Below are a few examples of mindlessness we have all experienced:
- Rushing through activities without being attentive to them.
- Breaking or spilling things because of carelessness, inattention, or thinking of something else.
- Failing to notice subtle feelings or physical tension or discomfort.
- Forgetting a person’s name almost as soon as we’ve heard it.
- Finding ourselves preoccupied with the future or the past.
- Snacking without being aware of eating” (Germer, 2004: 25).
There are three types of mindlessness: entrapment by category, automatic behavior, and acting from a single perspective. Entrapment by category relates to the idea that “we experience the world by creating categories and making distinctions among them” (O’Brien, 2011: 83). Therefore, we construct our own picture of the world as well as ourselves (O’Brien, 2011: 83). These categories help us manage phenomena (O’Brien, 2011: 83). Without these categories, we may feel as though the world is escaping us (O’Brien, 2011: 83). Mindlessness occurs, however, when “we rely too rigidly on categories and distinctions created in the past” (O’Brien, 2011: 83).“The categories we make gather momentum and are very hard to overthrow” (O’Brien, 2011: 84).“We build our own and our shared realities and then we become victims of the – blind to the fact that they are constructs, ideas” (O’Brien, 2011: 84). “To be mindless is to be trapped in a rigid world” (O’Brien, 2011: 84).
The second type of mindlessness is automatic behavior. “When in this mode, we take in and use limited signals from the world around us without letting other signals penetrate as well” (O’Brien, 2011: 84). People “engage in a great deal of complex behavior without consciously paying attention to it” (O’Brien, 2011: 84). There is “a general tendency on the part of normal people, to act, without any express desire or conscious volition, in a manner in general accord with the previous habits of the person” (O’Brien, 2011: 84). This type of automatic behavior “has much in common with habit” (O’Brien, 2011: 85). “Habit, or the tendency to keep on with behavior that has been repeated over time, naturally implies mindlessness” (O’Brien, 2011: 85). This type of mindless behavior does not require a regular repetition and can arise almost instantaneously in some situations (O’Brien, 2011: 85).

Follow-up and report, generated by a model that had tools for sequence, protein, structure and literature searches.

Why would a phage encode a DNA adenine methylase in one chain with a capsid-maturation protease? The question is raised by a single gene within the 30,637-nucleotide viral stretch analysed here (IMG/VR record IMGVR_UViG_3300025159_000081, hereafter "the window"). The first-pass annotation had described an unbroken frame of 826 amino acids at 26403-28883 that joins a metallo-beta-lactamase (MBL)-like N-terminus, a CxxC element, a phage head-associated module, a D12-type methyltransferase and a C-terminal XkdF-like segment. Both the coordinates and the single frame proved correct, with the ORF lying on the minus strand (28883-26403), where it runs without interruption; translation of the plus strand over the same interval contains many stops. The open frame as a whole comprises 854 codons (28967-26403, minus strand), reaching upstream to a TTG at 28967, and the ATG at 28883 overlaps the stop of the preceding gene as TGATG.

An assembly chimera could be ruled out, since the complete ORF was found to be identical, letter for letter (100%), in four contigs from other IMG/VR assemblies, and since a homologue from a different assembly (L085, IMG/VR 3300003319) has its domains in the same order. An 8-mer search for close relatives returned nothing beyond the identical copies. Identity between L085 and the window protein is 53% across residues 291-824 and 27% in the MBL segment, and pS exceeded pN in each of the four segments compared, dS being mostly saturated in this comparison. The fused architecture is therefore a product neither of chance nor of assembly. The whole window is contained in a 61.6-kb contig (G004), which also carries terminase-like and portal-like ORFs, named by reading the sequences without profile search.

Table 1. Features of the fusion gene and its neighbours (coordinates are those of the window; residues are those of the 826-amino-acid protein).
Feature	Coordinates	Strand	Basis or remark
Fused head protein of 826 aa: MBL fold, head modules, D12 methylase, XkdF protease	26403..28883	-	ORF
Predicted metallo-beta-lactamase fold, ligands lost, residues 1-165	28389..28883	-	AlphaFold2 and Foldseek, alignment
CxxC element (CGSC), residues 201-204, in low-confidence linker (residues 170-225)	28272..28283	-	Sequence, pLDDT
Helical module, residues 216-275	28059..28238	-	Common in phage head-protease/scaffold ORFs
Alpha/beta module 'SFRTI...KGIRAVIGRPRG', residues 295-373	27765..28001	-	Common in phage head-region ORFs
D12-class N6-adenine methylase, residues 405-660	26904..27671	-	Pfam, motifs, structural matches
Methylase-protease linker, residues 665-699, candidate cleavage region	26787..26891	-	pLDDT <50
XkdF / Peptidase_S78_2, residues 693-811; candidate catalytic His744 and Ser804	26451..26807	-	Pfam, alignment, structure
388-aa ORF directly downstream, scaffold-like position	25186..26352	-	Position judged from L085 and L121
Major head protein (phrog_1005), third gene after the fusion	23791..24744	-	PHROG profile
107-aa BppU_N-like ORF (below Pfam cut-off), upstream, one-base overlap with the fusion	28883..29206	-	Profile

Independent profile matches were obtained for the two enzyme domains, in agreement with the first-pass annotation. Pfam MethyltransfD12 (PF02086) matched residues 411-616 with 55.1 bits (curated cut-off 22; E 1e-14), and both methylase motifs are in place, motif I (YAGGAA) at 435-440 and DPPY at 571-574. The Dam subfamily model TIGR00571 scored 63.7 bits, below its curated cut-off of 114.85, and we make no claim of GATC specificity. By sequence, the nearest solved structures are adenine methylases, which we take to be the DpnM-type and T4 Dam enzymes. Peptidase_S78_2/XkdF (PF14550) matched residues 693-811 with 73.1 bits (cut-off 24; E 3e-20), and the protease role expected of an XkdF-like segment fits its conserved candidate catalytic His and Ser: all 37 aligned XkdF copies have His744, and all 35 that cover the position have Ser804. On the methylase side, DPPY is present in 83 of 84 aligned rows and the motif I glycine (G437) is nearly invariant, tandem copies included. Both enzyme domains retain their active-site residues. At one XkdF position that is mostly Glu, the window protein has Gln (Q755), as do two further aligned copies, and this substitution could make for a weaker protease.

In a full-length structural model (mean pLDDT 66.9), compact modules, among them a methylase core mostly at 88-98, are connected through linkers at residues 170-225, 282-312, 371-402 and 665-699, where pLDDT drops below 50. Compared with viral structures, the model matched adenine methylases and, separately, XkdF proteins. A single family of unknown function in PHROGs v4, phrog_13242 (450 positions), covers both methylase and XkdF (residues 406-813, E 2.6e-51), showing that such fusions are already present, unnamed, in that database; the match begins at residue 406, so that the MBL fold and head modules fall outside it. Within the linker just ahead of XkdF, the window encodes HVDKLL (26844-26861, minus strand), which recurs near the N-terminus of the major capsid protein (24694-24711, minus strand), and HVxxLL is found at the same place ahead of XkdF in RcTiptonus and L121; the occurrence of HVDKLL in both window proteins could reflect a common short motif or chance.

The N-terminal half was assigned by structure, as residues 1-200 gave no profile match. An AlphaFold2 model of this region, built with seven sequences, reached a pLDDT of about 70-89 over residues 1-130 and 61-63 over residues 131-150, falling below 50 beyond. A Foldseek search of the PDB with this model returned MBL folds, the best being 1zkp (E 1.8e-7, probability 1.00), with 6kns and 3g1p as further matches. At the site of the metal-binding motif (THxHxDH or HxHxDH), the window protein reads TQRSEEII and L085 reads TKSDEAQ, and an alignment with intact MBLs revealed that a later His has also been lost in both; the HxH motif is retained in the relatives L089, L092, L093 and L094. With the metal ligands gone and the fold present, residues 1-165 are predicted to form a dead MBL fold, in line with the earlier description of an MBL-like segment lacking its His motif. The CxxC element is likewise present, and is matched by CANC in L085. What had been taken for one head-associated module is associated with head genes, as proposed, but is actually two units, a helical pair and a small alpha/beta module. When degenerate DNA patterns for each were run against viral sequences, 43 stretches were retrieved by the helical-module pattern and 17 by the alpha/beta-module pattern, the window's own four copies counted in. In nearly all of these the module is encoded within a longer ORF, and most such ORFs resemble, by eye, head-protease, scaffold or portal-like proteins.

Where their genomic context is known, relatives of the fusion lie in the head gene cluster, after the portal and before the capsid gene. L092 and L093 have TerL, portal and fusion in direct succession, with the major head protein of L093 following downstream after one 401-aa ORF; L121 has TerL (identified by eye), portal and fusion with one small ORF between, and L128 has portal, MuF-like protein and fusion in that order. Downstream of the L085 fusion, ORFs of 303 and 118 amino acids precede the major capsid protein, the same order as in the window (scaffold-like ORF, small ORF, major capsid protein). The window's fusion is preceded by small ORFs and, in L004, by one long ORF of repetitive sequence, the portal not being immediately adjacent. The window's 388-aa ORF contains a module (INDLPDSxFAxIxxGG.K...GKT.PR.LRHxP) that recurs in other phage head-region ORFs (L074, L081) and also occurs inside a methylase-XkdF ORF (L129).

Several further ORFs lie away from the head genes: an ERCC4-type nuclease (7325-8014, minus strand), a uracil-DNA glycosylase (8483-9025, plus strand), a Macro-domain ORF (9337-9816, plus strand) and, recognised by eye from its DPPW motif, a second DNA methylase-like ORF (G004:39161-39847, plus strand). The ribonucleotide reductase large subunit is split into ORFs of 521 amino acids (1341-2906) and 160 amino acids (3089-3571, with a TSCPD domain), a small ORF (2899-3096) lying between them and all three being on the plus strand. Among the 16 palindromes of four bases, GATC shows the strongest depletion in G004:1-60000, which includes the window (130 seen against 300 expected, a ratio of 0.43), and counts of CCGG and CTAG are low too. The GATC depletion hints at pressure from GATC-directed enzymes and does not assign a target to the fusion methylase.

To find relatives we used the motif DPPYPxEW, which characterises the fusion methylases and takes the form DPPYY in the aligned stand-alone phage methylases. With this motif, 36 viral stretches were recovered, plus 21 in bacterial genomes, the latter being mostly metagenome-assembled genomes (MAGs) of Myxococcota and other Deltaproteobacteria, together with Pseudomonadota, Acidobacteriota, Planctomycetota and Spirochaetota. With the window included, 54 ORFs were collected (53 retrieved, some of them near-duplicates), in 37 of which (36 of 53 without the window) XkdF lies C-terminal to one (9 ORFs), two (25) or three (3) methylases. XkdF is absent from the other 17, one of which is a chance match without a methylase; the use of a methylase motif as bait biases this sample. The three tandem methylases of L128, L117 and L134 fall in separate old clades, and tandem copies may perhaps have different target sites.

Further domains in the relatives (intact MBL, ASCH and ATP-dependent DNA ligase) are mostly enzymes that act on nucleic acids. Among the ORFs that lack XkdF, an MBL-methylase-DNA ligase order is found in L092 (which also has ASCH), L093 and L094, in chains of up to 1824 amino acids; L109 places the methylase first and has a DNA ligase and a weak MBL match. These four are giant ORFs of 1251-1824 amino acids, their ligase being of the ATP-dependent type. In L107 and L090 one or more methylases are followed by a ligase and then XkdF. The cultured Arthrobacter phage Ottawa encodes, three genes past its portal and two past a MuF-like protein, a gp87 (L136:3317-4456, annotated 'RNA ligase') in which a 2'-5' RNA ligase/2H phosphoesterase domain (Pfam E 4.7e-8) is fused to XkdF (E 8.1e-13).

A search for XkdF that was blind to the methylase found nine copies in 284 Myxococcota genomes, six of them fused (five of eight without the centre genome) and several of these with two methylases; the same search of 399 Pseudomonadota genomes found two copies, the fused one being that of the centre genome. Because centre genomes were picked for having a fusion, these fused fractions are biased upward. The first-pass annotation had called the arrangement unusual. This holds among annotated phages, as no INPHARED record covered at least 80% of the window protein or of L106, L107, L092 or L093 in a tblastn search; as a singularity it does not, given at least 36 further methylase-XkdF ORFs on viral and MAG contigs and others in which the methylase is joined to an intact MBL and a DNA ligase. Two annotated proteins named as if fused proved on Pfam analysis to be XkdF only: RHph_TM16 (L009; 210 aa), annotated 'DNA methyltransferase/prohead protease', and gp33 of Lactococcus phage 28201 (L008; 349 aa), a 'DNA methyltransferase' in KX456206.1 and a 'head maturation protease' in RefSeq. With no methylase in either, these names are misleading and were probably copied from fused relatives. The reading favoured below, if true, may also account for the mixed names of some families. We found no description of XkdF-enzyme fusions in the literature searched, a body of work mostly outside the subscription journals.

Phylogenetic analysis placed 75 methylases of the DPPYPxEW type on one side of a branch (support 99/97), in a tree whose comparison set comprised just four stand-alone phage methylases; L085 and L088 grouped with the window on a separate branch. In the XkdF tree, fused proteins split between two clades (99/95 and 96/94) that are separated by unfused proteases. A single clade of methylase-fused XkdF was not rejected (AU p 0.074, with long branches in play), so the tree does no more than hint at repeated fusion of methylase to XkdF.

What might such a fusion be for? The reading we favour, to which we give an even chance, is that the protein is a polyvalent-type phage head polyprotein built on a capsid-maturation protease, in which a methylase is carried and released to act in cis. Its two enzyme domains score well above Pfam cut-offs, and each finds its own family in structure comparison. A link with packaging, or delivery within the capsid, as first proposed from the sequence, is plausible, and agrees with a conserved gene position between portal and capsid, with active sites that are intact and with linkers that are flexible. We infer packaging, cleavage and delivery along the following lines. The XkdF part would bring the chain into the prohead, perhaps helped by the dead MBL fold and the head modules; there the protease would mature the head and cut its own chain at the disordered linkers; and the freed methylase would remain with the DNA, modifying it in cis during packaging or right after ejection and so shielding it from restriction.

The third type of mindlessness is acting from a single perspective. We frequently act as if there is only one set of rules(O’Brien, 2011: 86). “For instance, in cooking, we tend to follow recipes with dutiful precision” (O’Brien, 2011: 85).“Thinking of a recipe only as a rule, we often do not consider how people’s tastes vary, or what fun it might be to make up a new dish” (O’Brien, 2011: 86). If we think of life as a recipe, it can be easy for us to move through life following the instructions exactly. However, highly specific instructions encourage mindfulness, because “once we let them in, our minds snap shut…and do not let in new signals” (O’Brien, 2011: 86).